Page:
After having received the histopathology results, chemotherapy and radiotherapy treatments were discussed with the owner. Taking into consideration the potential benefits and relative costs, the owner elected to not pursue either of these treatments. Reported adjuncts to surgical excision of equine fibrosarcoma of various sites include intralesional injection with cisplatin (Horbal & Dixon, 2016), electrochemotherapy with intralesional or perilesional cisplatin injection (Spugnini et al., 2016, 2021), topical 5-fluorouracil (Roels et al., 1998) and implantation of cisplatin-containing biodegradable beads (Hewes & Sullins, 2006). Challenges of treatment comparisons include the sparsity of reports and differences in methods utilised to establish a diagnosis of a fibrosarcoma.

Harmonic scalpel

In this case, a large distal limb fibrosarcoma was treated through excision by ultrasonic dissection using a harmonic scalpel (HARMONIC SYNERGY™ curved tip blade, Ethicon Endo Surgery LCC), for which various blades are available that can be utilised in open or laparoscopic surgery. Electromagnetic energy is produced from a generator and is then converted into high-frequency ultrasonic mechanical energy by a transducer within the handpiece. This ultrasonic mechanical energy is then delivered, through a titanium shaft, to the blade. Activation of the blade will result in high frequency vibrations (55,500 cycles/s) of the tip of the blade with a longitudinal blade displacement that varies between 50 and 100 μm according to the settings selected (Dubiel et al., 2010). Coagulation occurs following blade interaction with the tissue and disruption of protein hydrogen bonds while cutting is achieved by cavitational fragmentation and mechanical vibration. Variation in pressure applied by the surgeon allows control of cutting speed and degree of coagulation (Dubiel et al., 2010).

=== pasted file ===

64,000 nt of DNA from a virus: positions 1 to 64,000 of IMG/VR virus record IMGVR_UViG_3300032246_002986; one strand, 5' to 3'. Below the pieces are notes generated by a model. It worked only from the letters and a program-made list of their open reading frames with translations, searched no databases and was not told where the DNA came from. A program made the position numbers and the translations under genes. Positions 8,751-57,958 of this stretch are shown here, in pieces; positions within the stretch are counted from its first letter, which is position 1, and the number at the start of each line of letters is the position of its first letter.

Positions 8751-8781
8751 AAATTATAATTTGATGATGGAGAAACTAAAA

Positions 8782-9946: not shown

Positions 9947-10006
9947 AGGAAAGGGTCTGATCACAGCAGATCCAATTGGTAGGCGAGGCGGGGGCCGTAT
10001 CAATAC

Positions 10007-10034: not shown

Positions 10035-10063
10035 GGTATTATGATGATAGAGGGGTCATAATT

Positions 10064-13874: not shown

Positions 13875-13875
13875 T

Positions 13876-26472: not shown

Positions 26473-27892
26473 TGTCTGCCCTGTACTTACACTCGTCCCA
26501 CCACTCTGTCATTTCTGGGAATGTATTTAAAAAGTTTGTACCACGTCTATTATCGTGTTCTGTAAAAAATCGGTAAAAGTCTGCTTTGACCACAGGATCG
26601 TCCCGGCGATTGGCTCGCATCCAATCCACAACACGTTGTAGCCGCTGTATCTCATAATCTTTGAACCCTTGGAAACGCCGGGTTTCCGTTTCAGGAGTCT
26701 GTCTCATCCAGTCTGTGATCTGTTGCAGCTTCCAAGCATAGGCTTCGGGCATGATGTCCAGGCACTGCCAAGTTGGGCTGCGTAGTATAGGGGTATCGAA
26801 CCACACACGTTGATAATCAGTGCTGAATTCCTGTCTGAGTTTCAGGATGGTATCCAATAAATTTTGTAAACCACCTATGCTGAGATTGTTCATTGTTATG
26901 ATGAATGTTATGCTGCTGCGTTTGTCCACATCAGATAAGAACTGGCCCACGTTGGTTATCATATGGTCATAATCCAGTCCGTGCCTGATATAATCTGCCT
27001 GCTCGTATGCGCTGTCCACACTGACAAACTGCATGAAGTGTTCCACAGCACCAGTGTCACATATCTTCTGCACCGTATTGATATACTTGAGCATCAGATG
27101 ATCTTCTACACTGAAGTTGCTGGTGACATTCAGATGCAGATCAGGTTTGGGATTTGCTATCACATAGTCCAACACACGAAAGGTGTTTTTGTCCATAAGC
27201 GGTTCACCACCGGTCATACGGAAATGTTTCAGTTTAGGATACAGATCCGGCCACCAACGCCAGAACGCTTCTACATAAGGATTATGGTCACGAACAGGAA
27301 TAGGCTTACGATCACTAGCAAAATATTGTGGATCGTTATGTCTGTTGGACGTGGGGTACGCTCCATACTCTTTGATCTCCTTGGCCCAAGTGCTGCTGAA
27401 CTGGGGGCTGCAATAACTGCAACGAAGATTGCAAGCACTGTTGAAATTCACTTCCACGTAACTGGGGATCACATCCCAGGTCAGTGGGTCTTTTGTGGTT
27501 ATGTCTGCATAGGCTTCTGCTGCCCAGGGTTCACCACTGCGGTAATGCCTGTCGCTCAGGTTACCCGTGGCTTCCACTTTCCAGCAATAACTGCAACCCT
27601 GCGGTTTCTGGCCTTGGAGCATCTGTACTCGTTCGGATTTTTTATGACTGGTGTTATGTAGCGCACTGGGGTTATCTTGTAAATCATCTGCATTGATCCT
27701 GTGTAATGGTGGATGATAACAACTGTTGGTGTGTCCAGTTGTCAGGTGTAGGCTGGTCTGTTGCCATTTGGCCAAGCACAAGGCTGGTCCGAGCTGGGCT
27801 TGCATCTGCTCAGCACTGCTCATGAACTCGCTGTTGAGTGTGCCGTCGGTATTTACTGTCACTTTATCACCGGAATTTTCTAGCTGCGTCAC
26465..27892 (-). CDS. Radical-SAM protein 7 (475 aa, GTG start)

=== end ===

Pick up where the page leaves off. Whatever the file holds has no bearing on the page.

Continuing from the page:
Systemic reviews and meta-analyses in human medicine report that the use of harmonic scalpels, when compared to other ablative therapies, results in a significant reduction in operating time, postoperative drainage, seroma development and intraoperative blood loss (Cheng et al., 2015, 2018; Dubiel et al., 2010; Huang et al., 2015). A further significant advantage of using harmonic scalpels is the reduced amount of viable airborne neoplastic cells released during excision when compared to sharp dissection (Hashimoto et al., 2017; Nduka et al., 1998).

In veterinary medicine, the use of harmonic scalpels has been reported for various laparoscopic procedures (Hancock et al., 2005; Khalaj et al., 2012; Mayhew et al., 2008; Risselada et al., 2010a, 2010b; Vasanjee et al., 2006), for soft palate resection in dogs (Michelsen, 2011) and in horses for laparoscopic ovariectomy, ovariohysterectomy, and thyroidectomy (al Naem et al., 2022; Delling et al., 2004; Düsterdieck et al., 2003).

This case report documents the use of a harmonic scalpel in the treatment of distal limb equine neoplasia, highlighting that this instrument may represent a useful alternative for surgical management of fibrosarcoma in horses. The 12-month follow-up period did not demonstrate (gross) recurrence of this mass; however, it is possible that recurrence of the tumour may take longer than 12 months and further follow-up would be desirable to determine longer term outcome.


To the authors' knowledge, this is the first report describing successful treatment of an equine fibrosarcoma in the distal metatarsal and metatarsophalangeal regions by use of a harmonic scalpel for surgical excision of the mass. Furthermore, it highlights that a harmonic scalpel may be particularly useful in regions where the extent of excision is limited or where minimisation of collateral tissue damage is essential.


The case was diagnosed and treated pre-operatively by A. Alvim. C.A. Byrne, M. McMaster and N. A. Bellitto performed surgery. A. Alvim, C.A. Byrne, M. McMaster and N.A. Bellitto were responsible for post-operative care and follow-up reassessments. N.A. Bellitto primarily prepared the manuscript. C.A. Byrne supervised preparation of the manuscript. All authors contributed to and gave their final approval of the manuscript.


The authors wish to thank Angie Rupp (Senior Veterinary Clinician in the Division of Pathology, Public Health and Disease Investigation at the School of Veterinary Medicine, University of Glasgow) for assisting with this case and for kindly providing the gross and histology images. The authors would also like to thank all the staff and students of Glasgow Equine Hospital & Practice for their assistance with the care of this case.


    No conflicts of interest have been declared.


    Consent was gained from the owner for all clinical procedures and for the use of case material for teaching and publication purposes. Ethical approval is not required for this retrospective case report.